- The Washington Times - Wednesday, January 4, 2012

ORLANDO, Fla. — Perhaps the best moment for the Washington Wizards against the Orlando Magic on Wednesday night was just before the opening tip, when Rashard Lewis received a huge ovation from the fans in the city where he spent three and half seasons.

And perhaps the signature moment was in the opening seconds, when John Wall went up for a shot, and Dwight Howard slammed it against the backboard. The Wizards would miss their first 12 shots and never had a chance of making it a game, losing 103-85 at Amway Center.

“It was a bad start,” said Wizards coach Flip Saunders. “When you’re 0-12 to start the game, it sucks the energy out of you. When you fall behind so hard, you can’t see where you’re at. Our second group was the one that played with energy and probably played with more spirit than anybody.”

The Magic improved to 5-2, while the Wizards fell to a league-worst 0-6 and the worst start in Bullets/Wizards franchise history. With 60 games left, Washington will need to look for some positives anywhere it can find them. If there was one encouraging stat in a blowout, it was John Wall’s five assists and no turnovers.

But once again, the Wizards’ starters looked disjointed, while the backups played with more cohesion, leading Saunders to speculate that maybe it’s time to shake things up.

“In all our games, we’ve shot about 20 percent in the first quarter,” Saunders said. “We’re going to have to do something with our starters, personnel-wise or whatever, but somehow we’ve got to have some juice to start games. We took one step forward [against Boston] and two steps back [tonight].”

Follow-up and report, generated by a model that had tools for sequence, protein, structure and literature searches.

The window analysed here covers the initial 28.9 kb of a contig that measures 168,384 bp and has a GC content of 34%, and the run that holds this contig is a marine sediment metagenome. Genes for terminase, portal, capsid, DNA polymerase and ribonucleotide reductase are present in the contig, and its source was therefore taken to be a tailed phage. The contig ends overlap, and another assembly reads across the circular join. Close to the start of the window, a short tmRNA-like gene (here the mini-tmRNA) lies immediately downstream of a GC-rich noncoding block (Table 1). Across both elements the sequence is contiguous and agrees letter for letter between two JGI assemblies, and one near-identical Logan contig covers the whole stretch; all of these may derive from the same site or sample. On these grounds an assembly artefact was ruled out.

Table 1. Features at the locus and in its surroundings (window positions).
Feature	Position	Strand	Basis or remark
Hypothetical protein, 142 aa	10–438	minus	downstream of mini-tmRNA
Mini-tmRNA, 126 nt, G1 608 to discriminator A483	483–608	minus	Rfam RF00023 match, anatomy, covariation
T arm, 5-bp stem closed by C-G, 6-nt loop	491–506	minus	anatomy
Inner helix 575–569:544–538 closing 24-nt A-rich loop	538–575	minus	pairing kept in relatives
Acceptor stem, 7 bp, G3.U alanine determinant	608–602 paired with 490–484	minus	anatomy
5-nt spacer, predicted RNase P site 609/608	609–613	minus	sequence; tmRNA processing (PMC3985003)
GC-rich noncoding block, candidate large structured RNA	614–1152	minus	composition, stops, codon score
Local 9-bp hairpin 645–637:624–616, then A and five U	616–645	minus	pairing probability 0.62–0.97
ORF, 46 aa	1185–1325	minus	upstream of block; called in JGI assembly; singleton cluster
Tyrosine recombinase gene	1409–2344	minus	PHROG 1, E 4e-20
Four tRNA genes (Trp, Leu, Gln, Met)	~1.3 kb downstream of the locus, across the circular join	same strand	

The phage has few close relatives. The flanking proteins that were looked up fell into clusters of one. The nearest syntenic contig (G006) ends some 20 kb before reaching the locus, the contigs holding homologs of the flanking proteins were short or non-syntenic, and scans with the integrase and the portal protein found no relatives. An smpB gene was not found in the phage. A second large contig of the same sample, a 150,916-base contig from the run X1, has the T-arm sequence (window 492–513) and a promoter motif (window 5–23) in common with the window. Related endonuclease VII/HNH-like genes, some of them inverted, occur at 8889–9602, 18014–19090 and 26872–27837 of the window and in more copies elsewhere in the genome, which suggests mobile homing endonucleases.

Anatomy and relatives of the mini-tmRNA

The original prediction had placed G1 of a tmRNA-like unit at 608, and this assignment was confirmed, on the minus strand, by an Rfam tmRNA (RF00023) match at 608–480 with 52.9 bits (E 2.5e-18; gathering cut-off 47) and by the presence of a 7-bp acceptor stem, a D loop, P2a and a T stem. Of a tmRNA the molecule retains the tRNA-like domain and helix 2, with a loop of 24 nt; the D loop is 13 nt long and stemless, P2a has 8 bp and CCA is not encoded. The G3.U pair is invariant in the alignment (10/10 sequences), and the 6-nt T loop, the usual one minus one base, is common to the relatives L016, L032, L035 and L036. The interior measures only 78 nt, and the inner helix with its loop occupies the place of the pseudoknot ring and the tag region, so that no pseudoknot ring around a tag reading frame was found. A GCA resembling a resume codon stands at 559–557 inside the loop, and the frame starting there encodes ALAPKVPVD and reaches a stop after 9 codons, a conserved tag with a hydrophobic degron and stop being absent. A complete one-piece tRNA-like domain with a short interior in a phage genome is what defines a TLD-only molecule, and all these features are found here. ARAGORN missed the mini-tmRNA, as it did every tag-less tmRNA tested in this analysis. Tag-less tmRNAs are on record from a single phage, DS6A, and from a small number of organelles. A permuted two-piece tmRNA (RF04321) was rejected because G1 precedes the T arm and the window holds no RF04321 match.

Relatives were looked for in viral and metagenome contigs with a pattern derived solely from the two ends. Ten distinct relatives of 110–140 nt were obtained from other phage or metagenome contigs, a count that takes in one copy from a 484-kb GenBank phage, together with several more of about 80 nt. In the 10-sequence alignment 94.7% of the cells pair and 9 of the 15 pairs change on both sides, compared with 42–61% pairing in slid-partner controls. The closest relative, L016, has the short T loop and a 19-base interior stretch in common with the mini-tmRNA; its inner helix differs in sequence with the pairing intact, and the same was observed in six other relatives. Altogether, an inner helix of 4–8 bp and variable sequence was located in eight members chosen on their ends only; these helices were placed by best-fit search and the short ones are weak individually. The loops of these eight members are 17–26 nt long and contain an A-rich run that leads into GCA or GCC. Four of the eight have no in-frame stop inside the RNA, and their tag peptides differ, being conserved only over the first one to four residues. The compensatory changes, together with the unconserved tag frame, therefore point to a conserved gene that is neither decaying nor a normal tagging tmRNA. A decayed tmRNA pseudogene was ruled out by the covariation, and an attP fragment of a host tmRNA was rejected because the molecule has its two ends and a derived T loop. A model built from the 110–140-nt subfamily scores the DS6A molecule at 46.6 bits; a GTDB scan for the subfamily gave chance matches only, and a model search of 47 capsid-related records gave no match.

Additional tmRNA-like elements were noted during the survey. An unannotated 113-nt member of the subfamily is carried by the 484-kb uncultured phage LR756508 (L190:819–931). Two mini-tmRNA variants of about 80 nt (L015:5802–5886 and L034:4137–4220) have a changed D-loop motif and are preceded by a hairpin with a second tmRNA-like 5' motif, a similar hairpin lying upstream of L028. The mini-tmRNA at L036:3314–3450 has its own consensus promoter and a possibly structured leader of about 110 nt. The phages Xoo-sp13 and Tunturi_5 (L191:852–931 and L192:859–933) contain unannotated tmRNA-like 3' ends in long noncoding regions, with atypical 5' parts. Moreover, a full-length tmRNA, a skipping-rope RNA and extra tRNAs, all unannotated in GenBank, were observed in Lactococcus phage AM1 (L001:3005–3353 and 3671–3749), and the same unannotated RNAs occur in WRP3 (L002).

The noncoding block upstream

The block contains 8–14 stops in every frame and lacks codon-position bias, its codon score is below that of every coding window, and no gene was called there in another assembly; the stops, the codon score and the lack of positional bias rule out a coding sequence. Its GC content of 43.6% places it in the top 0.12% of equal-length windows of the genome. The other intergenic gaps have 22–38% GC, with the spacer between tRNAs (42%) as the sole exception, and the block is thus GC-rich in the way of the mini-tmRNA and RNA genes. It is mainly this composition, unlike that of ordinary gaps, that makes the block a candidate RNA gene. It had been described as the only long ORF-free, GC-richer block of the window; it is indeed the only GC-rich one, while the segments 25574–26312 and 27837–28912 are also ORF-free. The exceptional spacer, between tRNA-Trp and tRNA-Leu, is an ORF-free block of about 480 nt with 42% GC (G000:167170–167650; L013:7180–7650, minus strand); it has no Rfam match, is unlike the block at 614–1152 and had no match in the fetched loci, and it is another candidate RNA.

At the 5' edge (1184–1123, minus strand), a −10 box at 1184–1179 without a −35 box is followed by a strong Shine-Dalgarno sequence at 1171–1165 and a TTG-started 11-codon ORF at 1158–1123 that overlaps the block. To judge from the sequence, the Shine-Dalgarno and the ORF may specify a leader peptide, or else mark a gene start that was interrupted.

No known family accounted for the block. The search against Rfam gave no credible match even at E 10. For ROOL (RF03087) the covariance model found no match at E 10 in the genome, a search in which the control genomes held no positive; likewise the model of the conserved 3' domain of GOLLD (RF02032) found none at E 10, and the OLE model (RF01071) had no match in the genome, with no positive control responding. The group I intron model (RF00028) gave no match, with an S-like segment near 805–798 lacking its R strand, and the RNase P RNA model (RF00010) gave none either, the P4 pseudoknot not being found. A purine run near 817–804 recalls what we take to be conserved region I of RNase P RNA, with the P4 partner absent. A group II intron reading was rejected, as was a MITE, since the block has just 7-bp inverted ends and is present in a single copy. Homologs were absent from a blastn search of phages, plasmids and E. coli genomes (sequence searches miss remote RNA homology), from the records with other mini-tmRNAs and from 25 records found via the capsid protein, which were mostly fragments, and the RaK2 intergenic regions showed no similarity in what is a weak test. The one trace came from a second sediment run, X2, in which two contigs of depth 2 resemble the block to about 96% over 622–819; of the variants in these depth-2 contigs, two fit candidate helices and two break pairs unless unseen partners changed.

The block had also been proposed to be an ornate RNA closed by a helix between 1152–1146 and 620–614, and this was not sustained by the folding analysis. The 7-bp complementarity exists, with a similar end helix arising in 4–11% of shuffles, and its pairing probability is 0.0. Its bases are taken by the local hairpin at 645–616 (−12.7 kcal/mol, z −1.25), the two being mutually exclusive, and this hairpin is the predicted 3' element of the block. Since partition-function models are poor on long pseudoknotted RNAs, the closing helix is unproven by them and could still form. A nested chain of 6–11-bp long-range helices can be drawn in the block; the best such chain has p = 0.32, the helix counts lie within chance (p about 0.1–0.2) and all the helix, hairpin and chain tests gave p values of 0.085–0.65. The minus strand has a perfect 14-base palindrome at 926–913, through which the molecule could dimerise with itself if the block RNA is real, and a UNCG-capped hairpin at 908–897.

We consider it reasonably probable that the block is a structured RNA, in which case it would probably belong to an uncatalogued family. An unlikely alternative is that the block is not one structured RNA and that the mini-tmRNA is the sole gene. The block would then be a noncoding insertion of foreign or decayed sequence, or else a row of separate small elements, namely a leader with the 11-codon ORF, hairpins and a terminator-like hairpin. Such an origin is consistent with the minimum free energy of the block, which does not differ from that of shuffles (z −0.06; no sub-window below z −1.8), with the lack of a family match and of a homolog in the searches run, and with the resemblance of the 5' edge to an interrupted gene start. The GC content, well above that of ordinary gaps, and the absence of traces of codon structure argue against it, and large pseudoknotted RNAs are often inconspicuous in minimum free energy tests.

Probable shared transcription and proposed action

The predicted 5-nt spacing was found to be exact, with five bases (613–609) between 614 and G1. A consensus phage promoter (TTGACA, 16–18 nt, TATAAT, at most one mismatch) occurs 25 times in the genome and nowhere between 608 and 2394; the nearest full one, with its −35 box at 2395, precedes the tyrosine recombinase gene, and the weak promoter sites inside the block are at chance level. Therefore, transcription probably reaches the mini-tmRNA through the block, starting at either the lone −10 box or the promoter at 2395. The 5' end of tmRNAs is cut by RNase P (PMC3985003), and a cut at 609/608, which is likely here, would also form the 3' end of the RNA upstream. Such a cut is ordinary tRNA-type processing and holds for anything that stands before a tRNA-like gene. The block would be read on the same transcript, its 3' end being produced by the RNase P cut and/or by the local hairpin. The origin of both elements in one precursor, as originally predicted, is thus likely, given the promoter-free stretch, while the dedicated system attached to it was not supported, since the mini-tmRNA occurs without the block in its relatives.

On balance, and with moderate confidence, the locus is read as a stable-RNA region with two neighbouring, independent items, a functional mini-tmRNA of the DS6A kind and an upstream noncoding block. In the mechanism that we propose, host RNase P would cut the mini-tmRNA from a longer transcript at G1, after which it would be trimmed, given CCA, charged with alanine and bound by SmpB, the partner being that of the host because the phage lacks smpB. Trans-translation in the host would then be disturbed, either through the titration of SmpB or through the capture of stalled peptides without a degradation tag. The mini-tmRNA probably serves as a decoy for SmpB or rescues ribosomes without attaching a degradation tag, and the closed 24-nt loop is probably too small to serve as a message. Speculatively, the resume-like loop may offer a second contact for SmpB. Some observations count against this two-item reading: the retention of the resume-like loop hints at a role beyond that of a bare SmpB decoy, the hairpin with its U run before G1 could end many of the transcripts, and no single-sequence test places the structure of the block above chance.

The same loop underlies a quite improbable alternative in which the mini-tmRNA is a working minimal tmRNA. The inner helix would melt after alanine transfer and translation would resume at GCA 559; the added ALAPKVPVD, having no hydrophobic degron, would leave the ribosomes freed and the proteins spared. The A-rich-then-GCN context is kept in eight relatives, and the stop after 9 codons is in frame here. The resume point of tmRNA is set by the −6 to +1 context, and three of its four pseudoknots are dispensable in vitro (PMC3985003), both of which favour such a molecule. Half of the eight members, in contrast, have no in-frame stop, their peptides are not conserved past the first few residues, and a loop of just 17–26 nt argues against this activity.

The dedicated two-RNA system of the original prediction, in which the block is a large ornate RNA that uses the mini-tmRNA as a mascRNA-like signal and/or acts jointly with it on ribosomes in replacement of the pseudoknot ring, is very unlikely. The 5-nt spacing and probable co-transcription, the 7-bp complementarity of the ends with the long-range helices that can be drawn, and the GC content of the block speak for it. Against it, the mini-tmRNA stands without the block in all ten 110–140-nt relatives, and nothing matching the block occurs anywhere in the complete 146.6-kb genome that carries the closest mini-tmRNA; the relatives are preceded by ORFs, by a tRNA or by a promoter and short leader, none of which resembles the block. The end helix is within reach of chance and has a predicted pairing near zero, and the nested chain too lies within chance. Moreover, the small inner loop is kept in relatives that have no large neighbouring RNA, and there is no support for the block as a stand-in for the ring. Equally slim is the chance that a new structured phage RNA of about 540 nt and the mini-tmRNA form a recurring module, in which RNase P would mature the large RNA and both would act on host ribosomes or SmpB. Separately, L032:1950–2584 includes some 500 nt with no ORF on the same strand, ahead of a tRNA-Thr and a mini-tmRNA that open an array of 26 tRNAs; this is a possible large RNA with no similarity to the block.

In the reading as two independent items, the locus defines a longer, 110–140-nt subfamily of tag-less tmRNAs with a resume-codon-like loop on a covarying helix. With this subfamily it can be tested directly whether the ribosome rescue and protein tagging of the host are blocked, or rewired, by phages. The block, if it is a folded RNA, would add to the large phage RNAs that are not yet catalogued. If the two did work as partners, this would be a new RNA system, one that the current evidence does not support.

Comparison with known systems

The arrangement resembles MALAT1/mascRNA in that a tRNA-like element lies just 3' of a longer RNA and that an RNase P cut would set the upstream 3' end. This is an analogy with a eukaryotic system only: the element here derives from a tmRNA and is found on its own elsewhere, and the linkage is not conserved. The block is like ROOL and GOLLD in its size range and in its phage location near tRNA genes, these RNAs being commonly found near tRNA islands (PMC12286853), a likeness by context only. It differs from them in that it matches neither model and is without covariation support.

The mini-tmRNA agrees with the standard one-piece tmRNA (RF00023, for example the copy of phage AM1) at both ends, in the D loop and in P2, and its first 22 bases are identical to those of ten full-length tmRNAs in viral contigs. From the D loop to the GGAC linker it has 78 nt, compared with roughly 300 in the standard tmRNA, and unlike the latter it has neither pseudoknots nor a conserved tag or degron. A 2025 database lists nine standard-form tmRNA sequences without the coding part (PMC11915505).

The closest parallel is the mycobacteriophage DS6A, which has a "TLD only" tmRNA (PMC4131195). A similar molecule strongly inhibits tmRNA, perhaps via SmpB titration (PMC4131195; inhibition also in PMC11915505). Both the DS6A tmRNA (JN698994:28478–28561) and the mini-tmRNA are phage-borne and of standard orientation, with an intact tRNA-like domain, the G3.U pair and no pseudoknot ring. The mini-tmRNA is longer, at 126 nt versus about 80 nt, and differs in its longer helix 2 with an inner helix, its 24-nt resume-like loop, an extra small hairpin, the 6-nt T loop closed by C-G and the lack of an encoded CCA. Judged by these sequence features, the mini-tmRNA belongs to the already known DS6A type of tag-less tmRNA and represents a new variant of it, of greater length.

The Magic put on a clinic, with superior ball movement, shot selection and defense, and it didn’t help that Howard seemed to get nearly every foul call. Howard finished with 28 points, 20 rebounds and three blocked shots — and all three were borderline goaltending.

“It was lopsided. Dwight [Howard] dominated the game,” Saunders said.

Lewis had hoped for a better outcome against his former team, but ended up dismayed by the effort from his current one.

“I don’t think nobody competed — at all,” Lewis said. “It’s very tough. I was looking forward to this game just because of the fact that we played awesome in Boston. We played hard. We played together: We moved the ball, we played defense, and tonight it was totally different. Tonight, we came out here and made it easy for them.”

Responding to Saunders’ comments that the team took one step forward and two steps back, Lewis shook his head.

“[No], we took five steps back tonight after the Boston game,” Lewis said. “I thought a lot of guys had an attitude tonight. I’m not saying no names, but it seemed like everybody had body language. We try to motivate the guys and keep coming to the bench saying we got to keep playing hard, but it seemed like nobody was listening tonight.”

As the game drew to a close, a quick glance toward the Washington bench revealed a variety of emotions — from anger to frustration to despair.

The Magic held onto their 20-plus point margin for most of the game and never took their foot off the gas. It’s how a team competes whose hoping to play for a championship. It’s something the Wizards are no where near.

Wall agreed with Saunders and Lewis — the Wizards are regressing.

“Today we got embarrassed,” Wall said. “It’s everything. We go over stuff in practice and shooataround, and then we don’t do it. I said that yesterday, after the Boston game. Every game we take a step forward, then we take nine steps back.”

• Carla Peay can be reached at cpeay@washingtontimes.com.

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